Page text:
I'm interested in doing some projects with AirCrete. I've been looking at various building blocks even that are built out of foam concrete such as the following blocks:
The problem I'm having is how do you come up with the recipe? The litebuilt people create these blocks in two types. One is a density of 600 kg/m3, generally used for insulating purposes or interior walls that aren't load bearing. Then the other is a density of 1100 kg/m3, used for outer walls and load bearing walls.
When looking into the recipe described by DomeGaia I finally found that the process of 94# of cement + 7 gallons of water + 36 gallons of foam equates to a foam that is about 300 kg/m3?
Is that right? 19 lbs/cubic foot? That's not hardly worth much in terms of strength. Are my hopes and dreams destroyed? Or am I wrong about the density? Or can you increase the density? I notice they do as much as a 3:1 sand ratio, or at the minimum a 2:1 sand ratio to achieve the 1100 kg/cubic meter or 69 lbs/cubic foot density rating. Not sure how that measures out with the foam also.
I'd very much like to work with this foam concrete to see its potential but I'm leery to try it as any kind of building material like I hoped for now that I can see it's expected density. Any help or better understanding of the possibilities would be much appreciated.
Don't worry your hopes and dreams are still alive. You can change the density two ways The first is to add sand to your cement that will make your aircrete stronger. The second is by changing the amount of foam you use. By using less foam you make your aircrete density heavier. You can get an idea of density on this chart. As you know the denser you make your aircrete the less insulative it will be.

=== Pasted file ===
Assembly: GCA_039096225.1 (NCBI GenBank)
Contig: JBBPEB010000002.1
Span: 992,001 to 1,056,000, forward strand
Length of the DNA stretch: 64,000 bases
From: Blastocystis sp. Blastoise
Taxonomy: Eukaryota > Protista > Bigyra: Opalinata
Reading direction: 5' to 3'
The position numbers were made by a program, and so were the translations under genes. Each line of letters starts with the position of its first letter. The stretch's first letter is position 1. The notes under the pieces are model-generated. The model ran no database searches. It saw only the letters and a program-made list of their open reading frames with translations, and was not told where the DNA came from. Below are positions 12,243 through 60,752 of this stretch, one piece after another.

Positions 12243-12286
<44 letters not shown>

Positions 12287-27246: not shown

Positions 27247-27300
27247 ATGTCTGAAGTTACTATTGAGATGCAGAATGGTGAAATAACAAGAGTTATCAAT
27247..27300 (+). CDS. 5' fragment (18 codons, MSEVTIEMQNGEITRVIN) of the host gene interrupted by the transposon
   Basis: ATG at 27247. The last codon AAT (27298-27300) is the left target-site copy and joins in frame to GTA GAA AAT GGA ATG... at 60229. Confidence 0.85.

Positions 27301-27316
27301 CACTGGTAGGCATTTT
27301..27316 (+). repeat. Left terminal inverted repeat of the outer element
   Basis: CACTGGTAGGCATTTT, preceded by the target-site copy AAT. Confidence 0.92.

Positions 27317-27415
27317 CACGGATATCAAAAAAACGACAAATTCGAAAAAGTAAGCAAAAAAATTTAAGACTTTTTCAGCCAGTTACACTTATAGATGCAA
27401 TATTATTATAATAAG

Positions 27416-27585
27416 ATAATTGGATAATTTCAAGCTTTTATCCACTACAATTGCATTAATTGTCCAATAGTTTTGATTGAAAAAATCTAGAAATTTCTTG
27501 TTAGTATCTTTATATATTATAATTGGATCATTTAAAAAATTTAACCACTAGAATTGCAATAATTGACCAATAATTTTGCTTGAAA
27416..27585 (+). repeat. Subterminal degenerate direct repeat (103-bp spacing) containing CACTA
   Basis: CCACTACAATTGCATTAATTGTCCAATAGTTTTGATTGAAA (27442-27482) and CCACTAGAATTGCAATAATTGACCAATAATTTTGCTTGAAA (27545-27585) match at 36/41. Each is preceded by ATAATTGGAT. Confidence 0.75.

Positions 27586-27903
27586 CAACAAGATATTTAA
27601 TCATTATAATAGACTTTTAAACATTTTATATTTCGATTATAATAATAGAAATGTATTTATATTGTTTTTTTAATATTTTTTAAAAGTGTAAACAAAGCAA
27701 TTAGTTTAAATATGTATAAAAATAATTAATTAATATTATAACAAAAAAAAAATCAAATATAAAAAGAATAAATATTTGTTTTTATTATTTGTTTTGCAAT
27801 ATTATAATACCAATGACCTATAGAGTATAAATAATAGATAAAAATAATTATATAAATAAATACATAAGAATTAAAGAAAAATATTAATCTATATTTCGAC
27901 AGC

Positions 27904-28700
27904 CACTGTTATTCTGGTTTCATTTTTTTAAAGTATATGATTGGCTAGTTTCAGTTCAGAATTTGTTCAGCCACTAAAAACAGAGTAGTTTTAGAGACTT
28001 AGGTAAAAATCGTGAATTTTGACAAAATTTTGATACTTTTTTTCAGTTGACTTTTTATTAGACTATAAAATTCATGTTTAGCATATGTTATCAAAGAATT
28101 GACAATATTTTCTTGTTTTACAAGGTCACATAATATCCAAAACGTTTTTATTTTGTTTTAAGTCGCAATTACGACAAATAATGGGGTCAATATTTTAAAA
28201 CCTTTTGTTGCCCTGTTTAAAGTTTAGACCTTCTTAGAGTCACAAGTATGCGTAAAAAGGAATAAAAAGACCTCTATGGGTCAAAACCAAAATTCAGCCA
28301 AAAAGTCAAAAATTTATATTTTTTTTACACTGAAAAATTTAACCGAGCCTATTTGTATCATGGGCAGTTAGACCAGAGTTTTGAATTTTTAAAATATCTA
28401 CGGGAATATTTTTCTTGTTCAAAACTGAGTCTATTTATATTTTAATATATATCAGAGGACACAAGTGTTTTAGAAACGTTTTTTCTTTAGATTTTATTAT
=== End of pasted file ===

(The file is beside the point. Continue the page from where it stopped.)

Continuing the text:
Thanks Talyn, this is very helpful. I had found the mention calculator, but it deals with very large quantities and uses terminology I didn't quite understand. This helps a bit more, as well as renewing my hope as you said.
I have a couple more questions:
How do you test the density? I'd like to better understand how to test it so that if I mix and work on a few recipes for my use I can test for the actual density I'm achieving, but I'm not finding a lot on how to test.
Are there any recipes to work from beside the favorite recipes already shared on this site which achieves high insulating but very low strength? I'll try to work on this calculator a bit more to understand it better, but would love to see some smaller volume recipes shared as well.
First thing I do with my Dragon is set the water pump to maximum flow for the foam solution. Than air pressure is set to 90 psi. Than I take a 5 gallon bucket fill to the top with foam and weight it. What you want is 3 or more pounds of foam. Make sure to zero out your scale for the weight of the bucket first. You should always use this foam density for making aircrete.
As for recipes the only one I know of is in the calculator I posted before. Otherwise I would say do your own testing of different cement to sand ratios to see what works best for your building blocks.
Here are some videos I made I hope this helps you.
Very interesting. I've been playing with the calculator more now that I understand it better. It's interesting to see how the values work out. Plugging in the values of the "favorite recipe" here for insulation properties, I'm getting an expected density of about 24 lbs/cubic foot. And it was reported in one forum post to be about 19 lbs/cubic foot. So that could be pretty accurate depending on the foam used.
This is a pretty handy calculator to build some basic recipes off of, but naturally need to pour and test for exact numbers. This has been very helpful.
The number I get bases a 5 gallon bucket at a size of about .78 or .8 cubic feet, so if you want that to weight 3 pounds for your foam, you generally try to get 3.75 - 4 pounds per cubic foot for your foam density? Is that about correct? Or is my math off? Just trying to get a bit specific as I plan to build with this and exact formulas are important for repetition.
hajjargibran last edited by
Yes that is right!